That time of year again

Every year some friends generously allow us to go and collect apples from the old trees behind their house. The trees are tall and there’s always fun and games with a long pole to knock the apples off – they are simply too high up to pick by hand. Every year I completely forget to take photographs, and 2021 is no exception. Anyway, the apples end up a little bumped, but since they are cookers and I process them quite quickly, this is not a problem. The upshot is that every year in late September or October, I end up with a big tub full of apples and several days of work to convert them into a product that will be useable through the coming year. This seasonI have decided that the majority will be stewed and bottled, plus some used for sweet hot chilli sauce. Some years I make lots of juice, but we haven’t been drinking it much lately, so that is not my current priority. Of course, the abundance means that there is lots of opportunity for apple cakes, crumbles and pies, and today we indulged and had them with waffles and cream for brunch.

This old-fashioned approach to storing the the glut and not having to rely on what’s in the shops at any given time of year feels very much like rebellion – a quiet protest against the food system that most of us find ourselves unavoidably bound to. I love the seasonality of harvesting food; I love making use of local produce and exploring inventive ways to preserve it and value it; I love a cupboard full of sealed jars, squirrelled away for use during less productive seasons; and I love the kindness of those who share their bounty freely.

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18 Comments

  1. Sounds like fun picking apples (maybe photos in 2022?) and a lot of hard work making your preserves – but therapeutic, probably. Apple crumble….mmmmmmmmmmmmmmmm

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  2. I can’t remember – did you end up getting a pressure canner to make the processing a little less arduous? Plus, of course, they let you store all kinds of unlikely things like low acidity vegetables, meat and fish…

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  3. Going Batty in Wales

     /  October 10, 2021

    I love opening a jar of preserves in winter and finding it has stored memories too! Of picking the fruit or the person who gave it to me or just the making of whatever. And for those of us without a supermarket on our doorsteps it saves a lot of driving but if I lived in a town I would still do it because, as you say, it frees me from the tyranny of the giants. And usually most of the ingredients are free!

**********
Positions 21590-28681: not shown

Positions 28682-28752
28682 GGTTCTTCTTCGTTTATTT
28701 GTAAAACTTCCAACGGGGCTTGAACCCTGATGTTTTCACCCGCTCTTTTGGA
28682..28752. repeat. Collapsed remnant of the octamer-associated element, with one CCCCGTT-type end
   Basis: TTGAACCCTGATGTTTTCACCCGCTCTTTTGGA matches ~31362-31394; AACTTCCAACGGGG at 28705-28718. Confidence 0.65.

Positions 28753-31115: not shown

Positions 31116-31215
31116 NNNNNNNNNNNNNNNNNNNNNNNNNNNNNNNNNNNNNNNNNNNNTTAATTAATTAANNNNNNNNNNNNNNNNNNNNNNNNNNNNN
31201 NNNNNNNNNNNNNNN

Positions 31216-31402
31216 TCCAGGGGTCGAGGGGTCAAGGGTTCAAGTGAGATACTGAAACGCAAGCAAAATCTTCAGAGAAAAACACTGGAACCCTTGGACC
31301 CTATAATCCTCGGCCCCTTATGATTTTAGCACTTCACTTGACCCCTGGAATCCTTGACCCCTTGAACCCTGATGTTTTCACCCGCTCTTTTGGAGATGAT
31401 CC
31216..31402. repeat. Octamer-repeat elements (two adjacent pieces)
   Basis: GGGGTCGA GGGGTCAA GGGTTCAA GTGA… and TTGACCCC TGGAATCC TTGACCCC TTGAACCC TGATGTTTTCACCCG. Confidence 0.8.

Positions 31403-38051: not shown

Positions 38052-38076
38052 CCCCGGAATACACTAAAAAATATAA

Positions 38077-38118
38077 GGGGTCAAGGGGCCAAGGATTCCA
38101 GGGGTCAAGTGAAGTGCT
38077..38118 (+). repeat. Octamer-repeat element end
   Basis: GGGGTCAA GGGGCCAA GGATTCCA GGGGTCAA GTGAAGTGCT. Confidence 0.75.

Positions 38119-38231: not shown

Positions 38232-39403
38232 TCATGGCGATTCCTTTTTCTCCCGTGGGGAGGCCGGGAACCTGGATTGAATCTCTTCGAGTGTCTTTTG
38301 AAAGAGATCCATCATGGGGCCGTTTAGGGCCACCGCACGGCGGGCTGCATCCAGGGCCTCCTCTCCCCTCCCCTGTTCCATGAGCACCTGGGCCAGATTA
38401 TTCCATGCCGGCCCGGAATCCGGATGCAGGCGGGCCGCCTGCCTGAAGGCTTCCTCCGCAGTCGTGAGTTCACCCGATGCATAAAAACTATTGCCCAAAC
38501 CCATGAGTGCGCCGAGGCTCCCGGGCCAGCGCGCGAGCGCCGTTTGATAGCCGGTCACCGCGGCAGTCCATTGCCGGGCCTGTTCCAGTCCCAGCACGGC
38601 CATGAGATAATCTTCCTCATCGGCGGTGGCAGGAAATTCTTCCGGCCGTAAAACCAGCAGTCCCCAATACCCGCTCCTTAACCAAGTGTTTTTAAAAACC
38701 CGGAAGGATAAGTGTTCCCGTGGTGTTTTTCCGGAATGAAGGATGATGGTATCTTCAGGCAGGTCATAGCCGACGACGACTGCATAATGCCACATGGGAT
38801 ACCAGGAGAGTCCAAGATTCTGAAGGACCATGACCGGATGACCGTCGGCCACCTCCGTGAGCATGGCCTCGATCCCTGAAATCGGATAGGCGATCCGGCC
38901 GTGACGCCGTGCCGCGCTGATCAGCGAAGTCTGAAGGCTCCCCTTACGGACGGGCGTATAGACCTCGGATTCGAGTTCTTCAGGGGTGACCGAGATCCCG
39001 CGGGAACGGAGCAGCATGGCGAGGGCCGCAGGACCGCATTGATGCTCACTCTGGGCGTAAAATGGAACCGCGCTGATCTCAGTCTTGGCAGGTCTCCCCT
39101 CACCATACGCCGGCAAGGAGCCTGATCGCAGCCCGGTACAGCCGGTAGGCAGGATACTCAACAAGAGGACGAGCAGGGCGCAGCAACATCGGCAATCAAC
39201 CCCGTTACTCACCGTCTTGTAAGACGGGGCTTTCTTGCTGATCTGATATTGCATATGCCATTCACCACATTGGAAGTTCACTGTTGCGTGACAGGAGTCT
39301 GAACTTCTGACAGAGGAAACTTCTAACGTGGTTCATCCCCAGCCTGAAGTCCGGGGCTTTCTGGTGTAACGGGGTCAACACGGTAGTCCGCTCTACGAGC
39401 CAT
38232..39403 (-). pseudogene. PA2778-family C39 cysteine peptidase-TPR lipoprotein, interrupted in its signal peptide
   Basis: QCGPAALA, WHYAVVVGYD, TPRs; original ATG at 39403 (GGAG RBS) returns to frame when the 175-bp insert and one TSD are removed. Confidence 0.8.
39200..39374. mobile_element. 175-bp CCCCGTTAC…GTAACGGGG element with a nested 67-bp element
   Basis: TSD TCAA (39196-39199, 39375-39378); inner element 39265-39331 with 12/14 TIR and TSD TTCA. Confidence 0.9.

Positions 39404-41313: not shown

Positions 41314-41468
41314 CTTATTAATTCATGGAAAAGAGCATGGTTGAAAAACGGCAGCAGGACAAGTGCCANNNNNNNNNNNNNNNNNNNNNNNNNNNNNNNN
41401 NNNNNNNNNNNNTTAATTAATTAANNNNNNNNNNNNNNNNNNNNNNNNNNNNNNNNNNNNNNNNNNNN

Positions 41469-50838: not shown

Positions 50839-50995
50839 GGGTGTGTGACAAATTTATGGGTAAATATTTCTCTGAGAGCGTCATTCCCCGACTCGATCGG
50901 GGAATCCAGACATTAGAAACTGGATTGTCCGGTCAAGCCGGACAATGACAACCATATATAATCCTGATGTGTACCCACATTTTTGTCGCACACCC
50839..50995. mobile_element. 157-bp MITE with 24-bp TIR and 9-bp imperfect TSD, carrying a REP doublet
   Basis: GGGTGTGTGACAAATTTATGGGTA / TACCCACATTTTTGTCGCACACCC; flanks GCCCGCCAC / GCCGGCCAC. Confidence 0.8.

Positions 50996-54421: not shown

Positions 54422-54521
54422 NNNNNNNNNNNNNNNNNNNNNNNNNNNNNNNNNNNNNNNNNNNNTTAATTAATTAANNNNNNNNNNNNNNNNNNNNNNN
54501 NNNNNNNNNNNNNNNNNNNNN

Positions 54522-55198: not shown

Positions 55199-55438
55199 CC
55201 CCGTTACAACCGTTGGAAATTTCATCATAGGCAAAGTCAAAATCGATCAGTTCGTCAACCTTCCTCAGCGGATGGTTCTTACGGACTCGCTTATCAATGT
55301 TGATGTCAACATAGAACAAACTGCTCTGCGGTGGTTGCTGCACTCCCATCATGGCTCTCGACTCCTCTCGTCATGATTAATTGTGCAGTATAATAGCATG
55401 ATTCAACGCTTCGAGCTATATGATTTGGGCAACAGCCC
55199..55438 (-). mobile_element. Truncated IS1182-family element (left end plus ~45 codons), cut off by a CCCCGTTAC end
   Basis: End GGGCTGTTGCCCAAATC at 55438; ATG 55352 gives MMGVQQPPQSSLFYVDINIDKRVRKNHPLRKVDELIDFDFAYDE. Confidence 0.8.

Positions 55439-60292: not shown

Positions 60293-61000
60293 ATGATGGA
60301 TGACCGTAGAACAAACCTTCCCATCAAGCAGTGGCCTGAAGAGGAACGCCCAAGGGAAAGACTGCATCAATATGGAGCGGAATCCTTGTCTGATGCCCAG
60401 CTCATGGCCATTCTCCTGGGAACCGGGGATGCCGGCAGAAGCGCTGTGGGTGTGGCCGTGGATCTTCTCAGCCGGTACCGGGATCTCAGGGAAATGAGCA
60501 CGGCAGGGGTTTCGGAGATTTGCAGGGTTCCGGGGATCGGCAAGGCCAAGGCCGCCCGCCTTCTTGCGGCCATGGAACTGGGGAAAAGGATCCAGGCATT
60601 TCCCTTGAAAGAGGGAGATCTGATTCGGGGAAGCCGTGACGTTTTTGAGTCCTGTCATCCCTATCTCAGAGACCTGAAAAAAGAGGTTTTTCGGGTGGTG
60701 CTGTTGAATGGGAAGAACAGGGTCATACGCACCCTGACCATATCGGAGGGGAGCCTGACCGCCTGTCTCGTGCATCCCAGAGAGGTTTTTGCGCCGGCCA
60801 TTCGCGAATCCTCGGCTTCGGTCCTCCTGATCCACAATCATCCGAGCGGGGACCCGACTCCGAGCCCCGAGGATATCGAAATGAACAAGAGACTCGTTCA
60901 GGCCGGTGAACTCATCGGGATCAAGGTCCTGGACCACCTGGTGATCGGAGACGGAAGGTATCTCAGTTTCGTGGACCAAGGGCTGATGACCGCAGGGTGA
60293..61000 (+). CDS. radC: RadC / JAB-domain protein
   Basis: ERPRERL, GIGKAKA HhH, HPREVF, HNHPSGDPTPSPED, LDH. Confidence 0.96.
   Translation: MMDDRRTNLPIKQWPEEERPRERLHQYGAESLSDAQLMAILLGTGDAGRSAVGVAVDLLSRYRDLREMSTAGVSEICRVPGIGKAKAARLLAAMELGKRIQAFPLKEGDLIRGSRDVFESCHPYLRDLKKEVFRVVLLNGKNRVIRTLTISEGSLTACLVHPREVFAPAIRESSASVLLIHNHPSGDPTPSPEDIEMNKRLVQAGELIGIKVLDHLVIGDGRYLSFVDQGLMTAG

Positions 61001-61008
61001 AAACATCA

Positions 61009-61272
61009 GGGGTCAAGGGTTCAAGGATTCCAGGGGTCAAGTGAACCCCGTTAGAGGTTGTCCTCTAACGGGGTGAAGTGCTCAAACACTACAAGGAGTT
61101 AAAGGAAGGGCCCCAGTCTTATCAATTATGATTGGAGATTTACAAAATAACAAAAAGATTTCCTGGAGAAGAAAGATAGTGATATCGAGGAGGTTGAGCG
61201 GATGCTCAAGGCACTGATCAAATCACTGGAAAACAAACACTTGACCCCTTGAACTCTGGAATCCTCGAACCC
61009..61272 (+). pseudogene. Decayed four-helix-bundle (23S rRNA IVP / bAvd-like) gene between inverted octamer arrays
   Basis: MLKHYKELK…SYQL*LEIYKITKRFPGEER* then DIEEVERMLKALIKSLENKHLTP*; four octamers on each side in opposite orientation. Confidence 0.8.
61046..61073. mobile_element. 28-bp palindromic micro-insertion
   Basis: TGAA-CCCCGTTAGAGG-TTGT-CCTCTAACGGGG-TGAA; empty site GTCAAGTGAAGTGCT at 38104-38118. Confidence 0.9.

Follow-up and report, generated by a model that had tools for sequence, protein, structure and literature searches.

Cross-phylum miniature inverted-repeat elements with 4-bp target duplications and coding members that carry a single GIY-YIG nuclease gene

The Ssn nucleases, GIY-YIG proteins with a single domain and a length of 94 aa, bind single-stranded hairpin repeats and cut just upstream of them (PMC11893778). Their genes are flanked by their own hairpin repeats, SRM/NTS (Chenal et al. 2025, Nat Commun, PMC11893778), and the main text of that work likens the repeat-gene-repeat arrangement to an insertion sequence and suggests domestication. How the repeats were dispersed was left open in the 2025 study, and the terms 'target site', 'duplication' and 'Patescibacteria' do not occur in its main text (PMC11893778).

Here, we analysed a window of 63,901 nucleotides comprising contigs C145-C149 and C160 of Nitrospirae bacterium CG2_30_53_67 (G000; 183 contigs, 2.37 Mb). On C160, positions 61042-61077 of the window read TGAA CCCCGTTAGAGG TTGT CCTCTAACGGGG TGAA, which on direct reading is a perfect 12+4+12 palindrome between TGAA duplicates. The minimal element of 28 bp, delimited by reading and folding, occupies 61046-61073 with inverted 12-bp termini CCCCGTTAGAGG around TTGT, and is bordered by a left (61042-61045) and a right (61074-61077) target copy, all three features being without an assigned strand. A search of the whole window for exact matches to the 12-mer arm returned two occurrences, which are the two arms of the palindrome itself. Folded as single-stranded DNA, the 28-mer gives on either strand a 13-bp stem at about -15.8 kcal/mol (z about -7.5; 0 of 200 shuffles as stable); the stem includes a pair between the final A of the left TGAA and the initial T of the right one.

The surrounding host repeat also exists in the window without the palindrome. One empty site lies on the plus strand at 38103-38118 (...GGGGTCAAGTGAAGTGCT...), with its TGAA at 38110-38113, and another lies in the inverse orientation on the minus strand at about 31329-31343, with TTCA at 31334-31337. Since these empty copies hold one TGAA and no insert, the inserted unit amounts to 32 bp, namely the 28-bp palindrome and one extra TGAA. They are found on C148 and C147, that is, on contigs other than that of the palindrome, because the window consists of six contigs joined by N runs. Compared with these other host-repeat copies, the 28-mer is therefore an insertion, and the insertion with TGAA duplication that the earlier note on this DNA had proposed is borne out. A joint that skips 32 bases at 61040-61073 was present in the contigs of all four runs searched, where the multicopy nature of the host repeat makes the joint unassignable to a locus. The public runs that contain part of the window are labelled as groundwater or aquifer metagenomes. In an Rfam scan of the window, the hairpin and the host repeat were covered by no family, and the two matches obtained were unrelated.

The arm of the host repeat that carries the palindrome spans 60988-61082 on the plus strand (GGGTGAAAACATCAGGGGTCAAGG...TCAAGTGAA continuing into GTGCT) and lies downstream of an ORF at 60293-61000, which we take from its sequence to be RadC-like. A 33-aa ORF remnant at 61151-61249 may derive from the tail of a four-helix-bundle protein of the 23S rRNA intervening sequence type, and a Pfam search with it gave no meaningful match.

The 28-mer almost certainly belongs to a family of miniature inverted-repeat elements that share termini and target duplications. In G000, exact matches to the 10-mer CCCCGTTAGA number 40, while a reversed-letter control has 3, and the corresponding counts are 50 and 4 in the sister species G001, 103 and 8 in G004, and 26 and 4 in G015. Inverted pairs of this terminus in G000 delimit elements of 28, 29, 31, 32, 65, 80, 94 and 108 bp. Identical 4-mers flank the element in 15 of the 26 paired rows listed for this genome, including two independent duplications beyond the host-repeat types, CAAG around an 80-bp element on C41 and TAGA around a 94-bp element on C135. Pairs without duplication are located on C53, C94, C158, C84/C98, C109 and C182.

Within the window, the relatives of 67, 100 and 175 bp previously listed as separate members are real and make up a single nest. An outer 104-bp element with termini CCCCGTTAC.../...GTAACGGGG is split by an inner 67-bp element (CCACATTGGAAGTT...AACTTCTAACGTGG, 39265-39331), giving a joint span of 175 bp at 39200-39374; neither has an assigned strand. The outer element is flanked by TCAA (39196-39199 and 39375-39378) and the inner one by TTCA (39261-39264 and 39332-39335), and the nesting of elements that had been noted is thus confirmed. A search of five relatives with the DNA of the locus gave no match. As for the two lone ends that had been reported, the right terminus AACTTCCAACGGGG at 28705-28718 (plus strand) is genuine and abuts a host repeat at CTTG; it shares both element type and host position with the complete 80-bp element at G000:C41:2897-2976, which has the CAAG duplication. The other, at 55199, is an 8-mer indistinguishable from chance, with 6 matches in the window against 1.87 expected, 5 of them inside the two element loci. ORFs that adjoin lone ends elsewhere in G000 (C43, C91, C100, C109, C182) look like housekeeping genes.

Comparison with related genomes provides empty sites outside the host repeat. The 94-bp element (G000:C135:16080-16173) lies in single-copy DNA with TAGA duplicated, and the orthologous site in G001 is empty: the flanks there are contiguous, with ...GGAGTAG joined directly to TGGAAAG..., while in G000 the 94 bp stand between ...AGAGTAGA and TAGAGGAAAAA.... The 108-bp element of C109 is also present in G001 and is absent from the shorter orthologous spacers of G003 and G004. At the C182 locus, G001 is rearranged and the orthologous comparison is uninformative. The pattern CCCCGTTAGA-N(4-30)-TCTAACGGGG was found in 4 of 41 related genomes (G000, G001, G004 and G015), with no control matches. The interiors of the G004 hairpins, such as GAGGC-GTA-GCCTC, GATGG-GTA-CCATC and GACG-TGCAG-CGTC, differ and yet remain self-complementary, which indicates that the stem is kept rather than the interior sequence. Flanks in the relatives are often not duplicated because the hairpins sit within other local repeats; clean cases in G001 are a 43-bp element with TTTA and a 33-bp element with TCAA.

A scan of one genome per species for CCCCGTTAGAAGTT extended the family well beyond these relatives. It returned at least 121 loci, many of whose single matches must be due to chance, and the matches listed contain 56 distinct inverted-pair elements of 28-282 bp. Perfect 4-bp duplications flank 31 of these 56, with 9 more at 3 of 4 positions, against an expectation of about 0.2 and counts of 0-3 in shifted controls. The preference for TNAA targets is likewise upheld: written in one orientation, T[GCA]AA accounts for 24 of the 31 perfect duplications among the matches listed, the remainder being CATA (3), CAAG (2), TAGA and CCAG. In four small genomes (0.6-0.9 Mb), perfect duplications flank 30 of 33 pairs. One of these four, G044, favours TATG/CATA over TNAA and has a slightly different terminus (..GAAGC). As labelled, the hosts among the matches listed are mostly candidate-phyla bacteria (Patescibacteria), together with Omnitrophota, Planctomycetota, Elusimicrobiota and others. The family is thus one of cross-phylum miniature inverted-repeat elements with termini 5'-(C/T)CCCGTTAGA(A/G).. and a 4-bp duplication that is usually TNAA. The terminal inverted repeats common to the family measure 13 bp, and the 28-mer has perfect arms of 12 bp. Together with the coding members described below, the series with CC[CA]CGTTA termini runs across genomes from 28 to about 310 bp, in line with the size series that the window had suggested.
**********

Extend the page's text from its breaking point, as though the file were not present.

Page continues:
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  4. Oh, excellent! Apple season is one of my favorite times of year. As your pictures illustrate, so many delicious things to do with apples.

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  5. My mother was a great one for bottling and pickling.

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  6. I haven’t tried to bottle stewed apple before, better than freezing in the long run. Do you cold store apples as well? I have fond memories of my gran’s attic full of apples.

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  7. Thanks for the inspiration. We’ve just been promised a delivery of cookers from the farmhouse down the road.

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  8. I haven’t had much luck with bottling – is there a particular way to sterilise the jars – mine have gone mouldy.

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    • I only use preserving jars – over the years I have built up a big collection. I sterlilise the jars in the oven – put them in cold, turn the oven to 140C and leave them in to get thoroughly hot. I put hot apple in the hot jars, put on the lids, then they go in a water bath, where they simmer for 20 minutes. Once they come out, they cool down and the lids seal themselves. It almost always works!

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  9. I’ve never bottled anything – made the odd strawberry sauce and marmalade but mostly easy things that don’t get stored. And of late lost the mojo for even baking from scratch…

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  10. Hear, hear! (Or is it here, here?) Anyway, it is great that you have this opportunity to pick apples and preserve them – good for you and in the fight against our current food system.

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